Whenever a company makes big changes to its bread-and-butter product, it’s a huge risk. Do it wrong, and you alienate your core buyer, lose sales and even worse — cause the value of your share price to go down. Do it right, and you renew the bond between core buyers, attract a brand-new customer base and even better — cause the value of your share price to surge.
Fortunately for Toyota Motor (NYSE:TM), the latter scenario is playing out with its newly redesigned Camry.
According to industry research group Autodata, U.S. Camry sales in July came in at 29,913, up 10.7% from a year ago, outpacing second-place Honda Motor (NYSE:HMC) and its stalwart Accord for top honors as best-selling car in America.
Speaking recently at the JPMorgan Auto Conference in New York, Toyota’s Bob Carter, senior vice president of automotive operations in the U.S, said Camry sales are up 40% this year to 244,000. That easily bests the Camry’s two biggest competitors, the Accord and the Nissan Motor‘s (PINK:NSANY) Altima.
For Toyota, the spark in Camry sales is more good news for a company that this time last year was trying to recover from a terrible hit to its supply lines from the combined tsunami/earthquake/nuclear meltdown in Japan, as well as floods in Thailand that knocked out many auto electronics’ suppliers.
Proof that Toyota is back on track was seen in the company’s latest earnings report, which showed net income for fiscal Q1 vaulted to 290.3 billion yen, or $3.7 billion, a number that easily bested analysts’ expectations. By comparison, rival General Motors (NYSE:GM) reported net income of just $1.85 billion for its most recent quarter.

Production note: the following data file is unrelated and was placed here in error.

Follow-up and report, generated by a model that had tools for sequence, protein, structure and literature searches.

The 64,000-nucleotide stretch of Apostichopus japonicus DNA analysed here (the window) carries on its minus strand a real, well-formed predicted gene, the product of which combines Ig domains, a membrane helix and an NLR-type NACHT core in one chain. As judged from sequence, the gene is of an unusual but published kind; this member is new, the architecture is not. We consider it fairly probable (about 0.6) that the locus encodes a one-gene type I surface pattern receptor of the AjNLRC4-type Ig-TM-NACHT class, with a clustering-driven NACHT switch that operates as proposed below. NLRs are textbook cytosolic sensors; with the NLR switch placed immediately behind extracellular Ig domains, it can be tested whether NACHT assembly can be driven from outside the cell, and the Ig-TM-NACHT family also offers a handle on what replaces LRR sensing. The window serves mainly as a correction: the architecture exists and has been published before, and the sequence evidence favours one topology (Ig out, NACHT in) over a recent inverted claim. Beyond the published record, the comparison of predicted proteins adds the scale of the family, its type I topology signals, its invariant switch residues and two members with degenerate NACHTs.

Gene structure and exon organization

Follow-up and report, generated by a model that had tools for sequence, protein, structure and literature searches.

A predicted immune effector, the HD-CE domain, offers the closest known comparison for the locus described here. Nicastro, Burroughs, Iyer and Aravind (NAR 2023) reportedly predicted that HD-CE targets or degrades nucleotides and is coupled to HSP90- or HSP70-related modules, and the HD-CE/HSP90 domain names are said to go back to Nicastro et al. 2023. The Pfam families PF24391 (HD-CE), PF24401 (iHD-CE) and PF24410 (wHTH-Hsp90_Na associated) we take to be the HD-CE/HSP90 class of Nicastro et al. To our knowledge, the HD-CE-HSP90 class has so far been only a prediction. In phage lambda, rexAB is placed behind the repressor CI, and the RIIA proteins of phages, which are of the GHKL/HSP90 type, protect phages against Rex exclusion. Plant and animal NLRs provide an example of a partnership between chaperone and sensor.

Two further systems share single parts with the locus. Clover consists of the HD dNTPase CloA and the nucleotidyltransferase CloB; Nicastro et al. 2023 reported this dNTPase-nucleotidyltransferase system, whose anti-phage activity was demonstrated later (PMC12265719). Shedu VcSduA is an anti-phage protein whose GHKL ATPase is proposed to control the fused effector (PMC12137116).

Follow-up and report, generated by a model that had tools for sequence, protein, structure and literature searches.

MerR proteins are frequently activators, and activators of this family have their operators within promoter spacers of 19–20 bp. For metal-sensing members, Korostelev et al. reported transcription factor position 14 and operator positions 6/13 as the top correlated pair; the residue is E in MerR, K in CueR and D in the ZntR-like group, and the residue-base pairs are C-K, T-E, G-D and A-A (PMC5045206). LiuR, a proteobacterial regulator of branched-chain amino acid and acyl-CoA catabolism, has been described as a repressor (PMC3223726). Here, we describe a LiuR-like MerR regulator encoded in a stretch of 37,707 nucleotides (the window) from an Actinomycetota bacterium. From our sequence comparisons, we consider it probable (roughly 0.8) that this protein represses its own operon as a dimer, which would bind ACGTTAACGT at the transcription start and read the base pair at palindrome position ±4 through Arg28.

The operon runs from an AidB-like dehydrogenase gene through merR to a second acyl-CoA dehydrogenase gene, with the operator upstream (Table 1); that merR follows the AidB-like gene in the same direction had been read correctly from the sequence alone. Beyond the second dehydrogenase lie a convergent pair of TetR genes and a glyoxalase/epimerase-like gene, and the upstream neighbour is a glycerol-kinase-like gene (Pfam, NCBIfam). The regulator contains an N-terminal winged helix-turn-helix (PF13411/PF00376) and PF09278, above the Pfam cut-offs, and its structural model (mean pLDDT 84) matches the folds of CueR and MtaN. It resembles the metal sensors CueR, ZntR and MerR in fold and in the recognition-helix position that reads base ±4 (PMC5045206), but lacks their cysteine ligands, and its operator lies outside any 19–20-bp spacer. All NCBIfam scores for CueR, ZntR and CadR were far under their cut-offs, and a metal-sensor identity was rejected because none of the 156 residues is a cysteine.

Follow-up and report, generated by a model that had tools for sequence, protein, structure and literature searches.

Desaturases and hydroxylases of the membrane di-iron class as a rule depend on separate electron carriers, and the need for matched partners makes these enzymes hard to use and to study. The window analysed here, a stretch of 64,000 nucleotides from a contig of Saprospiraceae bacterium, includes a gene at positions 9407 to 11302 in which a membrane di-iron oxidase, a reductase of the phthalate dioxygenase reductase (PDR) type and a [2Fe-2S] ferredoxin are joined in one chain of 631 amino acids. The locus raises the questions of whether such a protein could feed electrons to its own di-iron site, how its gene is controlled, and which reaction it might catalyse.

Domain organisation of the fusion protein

Toyota also reported that auto sales in the quarter surged 60% to 5.5 trillion yen, or $70.5 billion. In terms of the total number of vehicles, that metric nearly doubled over the prior year quarter to 2.3 million.
In yet another positive for Toyota going forward, the company revised its sales goals for the year. It now expects to see record sales of 9.76 million vehicles, which represents a 23% jump over last year. If it succeeds in reaching this lofty target, Toyota will likely reclaim the mantle of global sales leader for the year from GM and German behemoth Volkswagen (PINK:VLKPY).
One reason Toyota has managed to juice its sales RPM while rivals struggle: It gets only minimal revenue from Europe. By contrast, Ford (NYSE:F), GM and Volkswagen are much more reliant on Europe for overall revenue and sales. Given the region’s recessionary woes, the less exposure a company has there the better.
In terms of investor reaction to the latest from Toyota, we’ve also seen Wall Street jump on board. TM shares are up 7.6% over the past month, and 21% year-to-date. That 2012 performance crushes Ford, which has seen its shares plunge 13.6% so far in 2012. It also runs laps around Honda’s mere 4% gain so far this year, and GM’s essentially flat year-to-date performance.
Surging Camry sales, minimal exposure to ailing Europe and investor momentum make TM shares the leading major auto stock to buy here. So, if you’re looking to take a ride in the sector, be sure to kick TM’s tires.
As of this writing, Jim Woods did not hold a position in any securities mentioned here.